Roadtrip 2017-The Arctic Circle and Dalton Highway

When we decided to drive the Alaska Highway through Canada and then explore Alaska, there were certain places that we wanted to explore.  One of those was the Arctic Circle via the Dalton Highway aka the North Slope Haul Road.  Alyeska, the owners of the Alaska Pipeline, extended the road in 1974, from the Yukon River to Prudhoe Bay.  Originally it was a private road used as a supply route for the oil fields on the Arctic Ocean and to service the Alaska Pipeline that the road follows.  In 1981, the entire road was opened to the public with a permit and then in 1994 the permit requirement was removed.  The highway is a 414 mile gravel road.  However, we were only going  to mile marker 115, the Arctic Circle sign.

We were up early and packed the pickup, leaving the campground by 7:30.   It was a 370 mile round trip to the Arctic Circle, but it would take us approximately 9 hours.  Driving out of Fairbanks you travel 70 miles on the Elliott Highway to the Livengood turnoff.  The Elliott highway is paved but very bumpy.  However, the fall colors were spectacular.

We had read everything we could to prepare for our trip on the Dalton.  We had been told to expect lots of tractor-trailer traffic. bad road conditions, and lots of flying rocks.  We took our pictures and headed north.

Once you are on the Dalton, your next “settlement” would be Yukon River crossing at  mile post 56.  So we had lots of views of the pipeline.

The pipeline starts in Prudhoe Bay and extends 800 miles to Valdez, Alaska.

We could tell it was going to be a rainy afternoon, so we tried to enjoy the scenery while we could.

There were a few sections of the highway that were paved, but it was mostly gravel.  We had expected a much worse road.  There were a few pot holes, and the truck traffic was very light.

The Dalton Highway crosses over the Yukon River at the 56 mile mark.  This is the only crossing in Alaska over the river.

There are floating cabins on the Yukon River near the bridge.

We stopped at the BLM visitor’s center, but they were closed as they were on limited days do to it being at the end of the season.  We were a bit disappointed as we would not be able to get our certificates for the Arctic Circle.  We walked down to the river and took pictures of the bridge.

There was interesting information of the Yukon River.

We stopped at Yukon River to top off our gas tank and bought Arctic Circle shirts.  It is definitely not the nicest building and the gas was $5.62 a gallon, but it is one of only 2 fuel stops on the highway.


The rain we had been anticipated began.  It blocked some of the landscape, but we were able to get glimpses here and there, with an occasional sighting of the pipeline.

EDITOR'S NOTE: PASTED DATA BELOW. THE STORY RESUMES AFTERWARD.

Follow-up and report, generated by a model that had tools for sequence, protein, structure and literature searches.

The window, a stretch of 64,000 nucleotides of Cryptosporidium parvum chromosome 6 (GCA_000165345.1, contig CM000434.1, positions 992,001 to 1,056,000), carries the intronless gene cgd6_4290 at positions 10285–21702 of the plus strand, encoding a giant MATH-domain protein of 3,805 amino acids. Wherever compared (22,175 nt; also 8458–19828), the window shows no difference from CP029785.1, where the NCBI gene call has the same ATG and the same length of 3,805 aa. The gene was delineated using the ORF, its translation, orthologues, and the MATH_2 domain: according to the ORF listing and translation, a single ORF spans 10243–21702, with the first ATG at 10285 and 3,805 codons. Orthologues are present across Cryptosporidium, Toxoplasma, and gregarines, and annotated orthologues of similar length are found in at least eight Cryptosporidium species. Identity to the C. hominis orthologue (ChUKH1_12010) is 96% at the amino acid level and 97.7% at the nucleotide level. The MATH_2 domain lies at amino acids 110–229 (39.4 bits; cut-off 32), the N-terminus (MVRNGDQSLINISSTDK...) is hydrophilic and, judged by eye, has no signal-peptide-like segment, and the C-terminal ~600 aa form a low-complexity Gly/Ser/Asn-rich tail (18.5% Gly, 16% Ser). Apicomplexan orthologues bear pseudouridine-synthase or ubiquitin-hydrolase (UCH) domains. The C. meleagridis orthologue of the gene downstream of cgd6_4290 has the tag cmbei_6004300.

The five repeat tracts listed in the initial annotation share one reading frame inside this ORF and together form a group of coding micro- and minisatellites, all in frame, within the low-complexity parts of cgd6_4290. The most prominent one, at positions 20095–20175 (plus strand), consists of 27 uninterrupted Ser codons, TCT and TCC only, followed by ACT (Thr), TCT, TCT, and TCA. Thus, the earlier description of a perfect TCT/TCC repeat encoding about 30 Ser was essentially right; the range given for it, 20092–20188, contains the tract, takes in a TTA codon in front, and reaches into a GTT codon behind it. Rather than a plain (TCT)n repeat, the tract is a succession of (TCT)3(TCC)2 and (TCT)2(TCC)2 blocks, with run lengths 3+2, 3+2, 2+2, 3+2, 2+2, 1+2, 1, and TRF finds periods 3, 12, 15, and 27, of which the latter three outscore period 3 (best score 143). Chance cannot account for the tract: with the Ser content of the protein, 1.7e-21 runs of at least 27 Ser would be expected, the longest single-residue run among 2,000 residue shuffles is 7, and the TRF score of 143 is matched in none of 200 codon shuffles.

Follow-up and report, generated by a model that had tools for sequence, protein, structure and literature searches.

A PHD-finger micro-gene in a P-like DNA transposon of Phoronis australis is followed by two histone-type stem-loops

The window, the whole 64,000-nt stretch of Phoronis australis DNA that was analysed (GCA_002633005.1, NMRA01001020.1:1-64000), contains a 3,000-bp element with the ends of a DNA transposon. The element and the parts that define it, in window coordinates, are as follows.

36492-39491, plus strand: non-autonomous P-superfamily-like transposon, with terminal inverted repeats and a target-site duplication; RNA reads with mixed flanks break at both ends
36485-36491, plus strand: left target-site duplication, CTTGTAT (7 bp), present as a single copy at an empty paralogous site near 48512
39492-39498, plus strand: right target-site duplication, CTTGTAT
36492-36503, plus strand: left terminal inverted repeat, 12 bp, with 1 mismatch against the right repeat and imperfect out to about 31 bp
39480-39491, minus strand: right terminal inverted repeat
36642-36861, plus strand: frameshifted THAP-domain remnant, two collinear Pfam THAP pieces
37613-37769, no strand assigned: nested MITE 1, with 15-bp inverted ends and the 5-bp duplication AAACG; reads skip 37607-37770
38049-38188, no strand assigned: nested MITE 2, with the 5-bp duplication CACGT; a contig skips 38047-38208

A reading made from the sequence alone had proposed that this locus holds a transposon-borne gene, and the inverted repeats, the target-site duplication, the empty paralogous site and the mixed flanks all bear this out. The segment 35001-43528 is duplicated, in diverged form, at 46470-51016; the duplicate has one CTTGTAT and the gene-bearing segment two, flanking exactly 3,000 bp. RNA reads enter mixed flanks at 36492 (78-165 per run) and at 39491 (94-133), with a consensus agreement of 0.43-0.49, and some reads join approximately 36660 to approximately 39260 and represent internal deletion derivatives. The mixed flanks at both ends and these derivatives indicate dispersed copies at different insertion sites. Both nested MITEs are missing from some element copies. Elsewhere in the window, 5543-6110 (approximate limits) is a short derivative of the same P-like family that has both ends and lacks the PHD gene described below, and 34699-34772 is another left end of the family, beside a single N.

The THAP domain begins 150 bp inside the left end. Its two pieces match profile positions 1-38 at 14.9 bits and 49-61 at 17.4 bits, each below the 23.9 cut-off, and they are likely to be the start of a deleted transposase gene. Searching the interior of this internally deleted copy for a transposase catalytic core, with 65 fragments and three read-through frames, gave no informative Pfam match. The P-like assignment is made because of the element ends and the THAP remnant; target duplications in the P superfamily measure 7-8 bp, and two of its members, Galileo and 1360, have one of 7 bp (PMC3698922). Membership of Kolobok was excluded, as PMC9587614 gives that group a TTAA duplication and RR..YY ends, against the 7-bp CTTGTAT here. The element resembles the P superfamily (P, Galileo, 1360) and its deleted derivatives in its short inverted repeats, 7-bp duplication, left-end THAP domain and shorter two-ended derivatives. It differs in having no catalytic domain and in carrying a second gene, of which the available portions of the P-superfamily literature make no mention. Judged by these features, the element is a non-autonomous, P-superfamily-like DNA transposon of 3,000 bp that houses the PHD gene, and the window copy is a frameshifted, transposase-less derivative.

The Kanuti National Wildlife Refuge was established in 1980 with over 1.6 million acres, which is approximately the same size as the state of Delaware.  The Kanuti River runs through and it is primarily composed of a boreal forest.  We were excited to briefly see a Grizzly bear along the road.

The Arctic Circle is located at mile 115 of the Dalton Highway.  It marks the latitude at which the sun just fails to rise on the shortest day and just fails to set on the longest day.  It was exciting to be standing at the 66th Parallel.

When we first arrived, we were the only people there and we had to get everyone and everything in a picture, our mascots…

The dirty pickup…

We arrived at 1:07 pm with a trip mileage of 4761 miles.  It began to rain heavily, so we hurried and fixed lunch.  While we ate, we watched several tour groups cross the “red carpet”.  We had considered a tour, however the cost is $300-500 per person.  HB4116

We ate lunch in the pick-up and the rain started to let up.  We looked at the displays of life at the Arctic Circle and read the stickers on the back of the Arctic Circle sign.

We have a fast food restaurant in Idaho that is called Arctic Circle.  So before we left on our trip, we went there and got cups just for this moment.  We put on our newly acquired shirts and relished in the moment.

We very much enjoyed our time at the Arctic Circle, but it was time to head back towards Fairbanks. The rain had settled in for the drive back to the Yukon River.

It was a wet trip back to Fairbanks.

Since the Dalton Highway is mostly dirt and gravel, the pick-up got a bit dirty.

We stopped at the car wash in Fairbanks.  It took $20.00 in quarters to wash off the dirt.

It had been a long and exciting day.  We still had 125 miles to go, as we needed to be in Denali National Park tonight, as we had a tour at 8:00 the next morning.  So little time and so much to see.  As we drove south, we watched the last of the sunlight disappear.

Denali here we come!!!

1 reply »

  1. Thanks for sharing the story about your visit to the arctic circle. Having driven the Dalton many times I only wish it had been a clear day because the scenery can be truly amazing.